At the heart of every wellness program is communication. All announcements, notices, emails, reports, speeches, and publications reflect the wellness program whenever updates and information are delivered. Communicating your wellness program is therefore a blend of marketing and information and involves three aspects:
Depending on the size of your organization, the communications role may be done by one or more team members. First, decide within the wellness team who is responsible for disseminating ALL communications to employees (and families if they are to be included too). Then factor in the type of communications, frequency, and format etc. that you want to use. Additionally, determine what information the stakeholders require and how and when they want to receive it.
Facilitating effective communication is multi-faceted and everyone’s time is valuable, therefore a Communications Management Plan will need to be created and its details shared with the team members and executive management.
Seek out areas to involve employees during the launch of a program and during the developmental stages. Speculation will most likely take place regarding what a wellness program means, what the impact is, who is involved and why. It is important to fend off conjecture and set the wellness program on a good foundation so that the anticipation about the impending launch is positive.
What are you doing to communicate your wellness program with employees? The first level of communication is the announcement of support for the wellness program by the executive sponsor. Communication affects both how employees (and management) perceive the efficacy of the program and its relevancy to the individual.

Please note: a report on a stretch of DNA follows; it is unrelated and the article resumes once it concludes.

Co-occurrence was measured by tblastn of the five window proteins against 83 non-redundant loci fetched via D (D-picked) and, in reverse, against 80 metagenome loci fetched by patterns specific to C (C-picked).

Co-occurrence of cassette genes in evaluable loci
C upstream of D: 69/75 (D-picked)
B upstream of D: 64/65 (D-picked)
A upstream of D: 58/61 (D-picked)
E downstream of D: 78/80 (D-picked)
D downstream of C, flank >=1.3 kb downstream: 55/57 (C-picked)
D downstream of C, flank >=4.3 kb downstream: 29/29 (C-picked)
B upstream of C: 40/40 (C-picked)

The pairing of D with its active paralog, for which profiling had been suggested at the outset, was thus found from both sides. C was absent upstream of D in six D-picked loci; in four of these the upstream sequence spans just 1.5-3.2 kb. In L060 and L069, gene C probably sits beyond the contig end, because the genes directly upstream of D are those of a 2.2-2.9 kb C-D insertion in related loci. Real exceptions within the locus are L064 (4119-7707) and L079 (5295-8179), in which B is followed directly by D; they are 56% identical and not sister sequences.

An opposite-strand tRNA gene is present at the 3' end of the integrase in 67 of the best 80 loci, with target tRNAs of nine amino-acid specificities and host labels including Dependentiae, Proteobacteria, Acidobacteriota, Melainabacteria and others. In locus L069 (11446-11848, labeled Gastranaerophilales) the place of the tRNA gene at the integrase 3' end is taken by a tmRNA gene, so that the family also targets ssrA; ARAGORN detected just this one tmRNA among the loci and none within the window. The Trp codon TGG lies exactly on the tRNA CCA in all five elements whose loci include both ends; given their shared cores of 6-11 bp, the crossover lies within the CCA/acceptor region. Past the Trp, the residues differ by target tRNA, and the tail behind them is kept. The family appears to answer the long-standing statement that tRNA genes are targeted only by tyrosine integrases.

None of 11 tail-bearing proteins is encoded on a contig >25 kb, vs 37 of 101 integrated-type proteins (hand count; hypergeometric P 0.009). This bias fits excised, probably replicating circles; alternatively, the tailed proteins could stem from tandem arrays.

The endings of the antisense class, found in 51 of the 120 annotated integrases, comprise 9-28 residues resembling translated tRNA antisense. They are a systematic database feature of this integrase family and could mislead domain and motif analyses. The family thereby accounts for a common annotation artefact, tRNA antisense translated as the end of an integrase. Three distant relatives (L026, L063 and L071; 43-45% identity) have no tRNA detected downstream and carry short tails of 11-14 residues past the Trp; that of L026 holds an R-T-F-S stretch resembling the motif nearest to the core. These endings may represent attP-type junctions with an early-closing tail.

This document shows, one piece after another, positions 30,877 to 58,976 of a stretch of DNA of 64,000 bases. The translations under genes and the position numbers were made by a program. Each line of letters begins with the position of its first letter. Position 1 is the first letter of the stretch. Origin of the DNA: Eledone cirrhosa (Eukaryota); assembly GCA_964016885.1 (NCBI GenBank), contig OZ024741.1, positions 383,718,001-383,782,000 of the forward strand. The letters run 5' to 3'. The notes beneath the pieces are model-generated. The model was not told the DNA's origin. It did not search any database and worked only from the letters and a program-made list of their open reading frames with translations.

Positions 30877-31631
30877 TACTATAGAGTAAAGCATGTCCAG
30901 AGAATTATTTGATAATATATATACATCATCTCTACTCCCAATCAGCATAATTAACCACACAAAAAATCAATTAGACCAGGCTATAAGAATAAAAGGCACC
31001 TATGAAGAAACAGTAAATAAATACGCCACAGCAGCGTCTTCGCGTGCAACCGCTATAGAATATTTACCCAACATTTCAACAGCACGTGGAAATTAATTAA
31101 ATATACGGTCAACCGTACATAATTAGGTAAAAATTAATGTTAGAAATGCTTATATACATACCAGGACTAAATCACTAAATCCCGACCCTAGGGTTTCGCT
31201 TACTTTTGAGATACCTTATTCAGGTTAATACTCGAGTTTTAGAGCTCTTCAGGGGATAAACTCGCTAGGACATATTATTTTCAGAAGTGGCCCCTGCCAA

To keep announcements fresh and interesting, mold the frequency of communication and the best fit for the company culture around different formats.
Communication has multiple facets and ameliorates engagement barriers by providing awareness, teaching managers about the importance of empowering employees to participate, and helping to initiate personal changes.
Regular updates will inform employees about what will be happening, provide opportunities to demonstrate appreciation for their assistance, and confirm the anticipated launch date.
Variety is important too. Seasonal events, for example, will affect the program design due to holidays, vacations, or whether it is summer or winter.
Remember, at the heart of every wellness program is communication and a program consistently needs fresh publicity and reminders.
Margaret Stockley is the CEO of the Aspire2 Wellness Group and the founder of the Professional Organization For Wellness Certification (POWCERT) providing workplace wellness programs and training to help companies increase employee engagement and reduce costs. With over 25 years in healthcare and wellness education, she is the author of “Transforming Workplace Wellness”, and co-author of “Inner Knowledge” and the CD “Multi-Sensory Meditation”.
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